There are plenty of ideas and studies published on this topic. Below is what works for me and my athletes and is based on science and best practice guidance from National Institute’s of Sport and World Tour cycling team scientists.
Wake up and hydrate
When you first wake up hydrate with waterPreparation for race day starts as soon as you wake up. Drink a large glass of water and when you visit the bathroom, note the colour of your urine. These two very simple actions will give you fast feedback on your hydration status to start the process of optimising your fluid levels for the coming event.
Drinking a large glass of water (around 500 ml) is enough to top up lost fluid and overload the kidneys, forcing the next urination. If you are a lightweight rower, you may want to consider weighing yourself to check for dehydration and how much fluid to take on. Your urine should be a very light or pale yellow. Try and avoid having completely clear urine because that can lead to something called hyponatraemia (low sodium levels) which is a bad thing for an endurance athlete.
There is water inside (and outside) every cell in the body so drinking water on a regular basis fills up these spaces. The other place where water is stored is in blood. The water in blood is called plasma and this ‘plasma volume’ is a critical determinant of optimal performance. Plasma not only makes blood thinner and easier to pump (therefore lowering heart rate) but it is also the main transport mechanism for heat.
Racing on the water and especially the ergo generates a lot of heat which is then captured by plasma and transported away from exercising muscle to the surface of the skin where it evaporates as sweat. Dehydration leading to a loss in body weight of 2%-4% and can reduce VO2max by 10-22%.
Race Day Breakfast
3 – 4 hours before the raceThe race day breakfast is very important because this meal will load the energy stores in your liver. Liver glycogen is a very important energy store and is used as an auxiliary energy reservoir. During a race, the sugar stored in muscle (muscle glycogen) is what drives your performance. As muscle glycogen becomes depleted and it takes a large meal mainly based on carbohydrates to load the liver with glycogen (stored sugar).
Your pre-race meal (breakfast or lunch) should be scheduled 3.5 to 4 hours before start time and be mainly carbohydrate based in order to load the liver with glycogen.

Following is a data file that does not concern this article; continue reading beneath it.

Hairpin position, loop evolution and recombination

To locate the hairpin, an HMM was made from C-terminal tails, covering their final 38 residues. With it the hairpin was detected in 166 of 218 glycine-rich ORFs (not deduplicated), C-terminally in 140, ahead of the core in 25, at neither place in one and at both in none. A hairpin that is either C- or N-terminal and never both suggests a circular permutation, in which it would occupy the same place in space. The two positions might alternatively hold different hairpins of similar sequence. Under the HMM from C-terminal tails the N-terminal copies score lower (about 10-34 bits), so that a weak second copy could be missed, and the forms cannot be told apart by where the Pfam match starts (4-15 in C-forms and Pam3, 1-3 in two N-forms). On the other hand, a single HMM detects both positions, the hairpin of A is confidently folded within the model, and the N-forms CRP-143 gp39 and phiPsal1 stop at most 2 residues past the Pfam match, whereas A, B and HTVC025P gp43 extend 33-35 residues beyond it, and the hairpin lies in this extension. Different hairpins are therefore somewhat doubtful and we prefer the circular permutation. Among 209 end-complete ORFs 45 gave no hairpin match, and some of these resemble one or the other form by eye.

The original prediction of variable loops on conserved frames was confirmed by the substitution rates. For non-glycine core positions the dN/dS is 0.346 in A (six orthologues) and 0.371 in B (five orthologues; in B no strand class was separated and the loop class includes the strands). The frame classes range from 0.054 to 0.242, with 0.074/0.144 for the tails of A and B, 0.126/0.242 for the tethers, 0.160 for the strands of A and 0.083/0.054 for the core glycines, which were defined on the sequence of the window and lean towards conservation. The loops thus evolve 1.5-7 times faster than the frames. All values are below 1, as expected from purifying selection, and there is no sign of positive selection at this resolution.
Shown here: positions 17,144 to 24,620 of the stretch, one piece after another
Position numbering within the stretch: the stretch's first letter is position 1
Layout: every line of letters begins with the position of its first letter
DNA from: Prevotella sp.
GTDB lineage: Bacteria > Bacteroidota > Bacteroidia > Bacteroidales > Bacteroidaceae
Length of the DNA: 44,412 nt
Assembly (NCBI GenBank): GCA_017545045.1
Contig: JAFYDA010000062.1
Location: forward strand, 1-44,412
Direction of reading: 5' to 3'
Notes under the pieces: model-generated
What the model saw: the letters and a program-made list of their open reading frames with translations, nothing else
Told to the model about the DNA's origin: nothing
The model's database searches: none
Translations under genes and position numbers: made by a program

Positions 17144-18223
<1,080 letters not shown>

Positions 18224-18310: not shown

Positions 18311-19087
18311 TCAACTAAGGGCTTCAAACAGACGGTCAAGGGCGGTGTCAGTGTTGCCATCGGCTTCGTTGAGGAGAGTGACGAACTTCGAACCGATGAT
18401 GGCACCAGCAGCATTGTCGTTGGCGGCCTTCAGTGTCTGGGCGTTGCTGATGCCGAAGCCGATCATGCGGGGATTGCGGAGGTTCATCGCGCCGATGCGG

My typical pre-race breakfast
Natural muesli or oats with mixed berries and a banana stirred through.
Small tub of natural yoghurt
Honey to drizzle over the yoghurt and muesli/oats mix
Couple of thick slices of brown or wholemeal bread, toasted with jam or honey
2 egg omelette
Glass of fresh apple or orange juice
Double espresso coffee
Glass of water
It may look like a lot of food, yet it is important to fill the tank and liver glycogen before the race or test. If the meal had been carbohydrate based, you may feel a little tiered after eating, this is a natural part of the digestion process, forcing us to reduce our energy expenditure post-meal. Sip on water only before the race.
One hour before the start
Breakfast has done the job of loading up the liver stores yet one hour before the race, blood sugar levels may be dropping. What I found worked best for me as a blood-sugar-top-up is a small banana or low-GI/low-fat muesli bars to provide you with 20 to 30g of slow-release carbohydrate.
It’s important to note that fast-burning carbohydrates like gels and sports drinks are the wrong thing to have one hour before a race or time trial. This is the reason that some athletes suffer from rebound hypoglycaemia, where blood sugar rises too fast and too high, triggering the body’s natural response to reduce it, making you feel tired and lethargic right before the warm up.
Fueling the Warm Up
From 0-20 minutes, sip on water whenever you feel you need to. As soon as you have finished the warm-up, switch to a sports drink before the start.
During the warm up you will have completed a couple of hard efforts, some threshold, VO2 and sprint work. These three efforts are sufficient to trigger the release of Catecholamines (catecholamines comprise the endogenous substances dopamine, noradrenaline and adrenaline) and one of these slows down the secretion of insulin. With insulin blocked it’s now safe to switch from water to a high GI fuel like a sports drink which should bring blood sugar back to pre-warm up levels.
The aim is to get you on the start line with fully loaded muscle glycogen, optimal liver glycogen stores and well hydrated, which includes ideal plasma volume and stable blood sugar.
Post Race Hydration & Nutrition
Consuming high-GI carbohydrate immediately after a race/ergo test/time trial will kick-start the replenishment of glycogen (stored sugar) in muscle. Best practice states there is a narrow window of opportunity where glucose has to pass through the stomach and make its way down to muscle where it meets an enzyme that converts this sugar to glycogen. This particular enzyme is most productive in the 30 to 40 minutes post-exercise so feeding it as fast as possible is a very good idea.
With the warm-down complete your next action is to consume protein around 30-minutes post-race. Post-exercise protein is very important for endurance athletes to repair muscle tissue, develop capillaries and also plays a role in the creation of various enzymes that are critical to exercise. Make sure the manufacturer is a reputable brand that has been batch tested.
Adapted from sourcesContemporary Nutrition Strategies to Optimize Performance in Distance Runners and Race Walkers. (2019)Bergström J, Hermansen L, Hultman E, Saltin B. Diet, muscle glycogen and physical performance. Acta Physiol Scand. 1967;71(2):140–150.Daniel Healey, former BMC & Tinkoff sport scientist. (2017)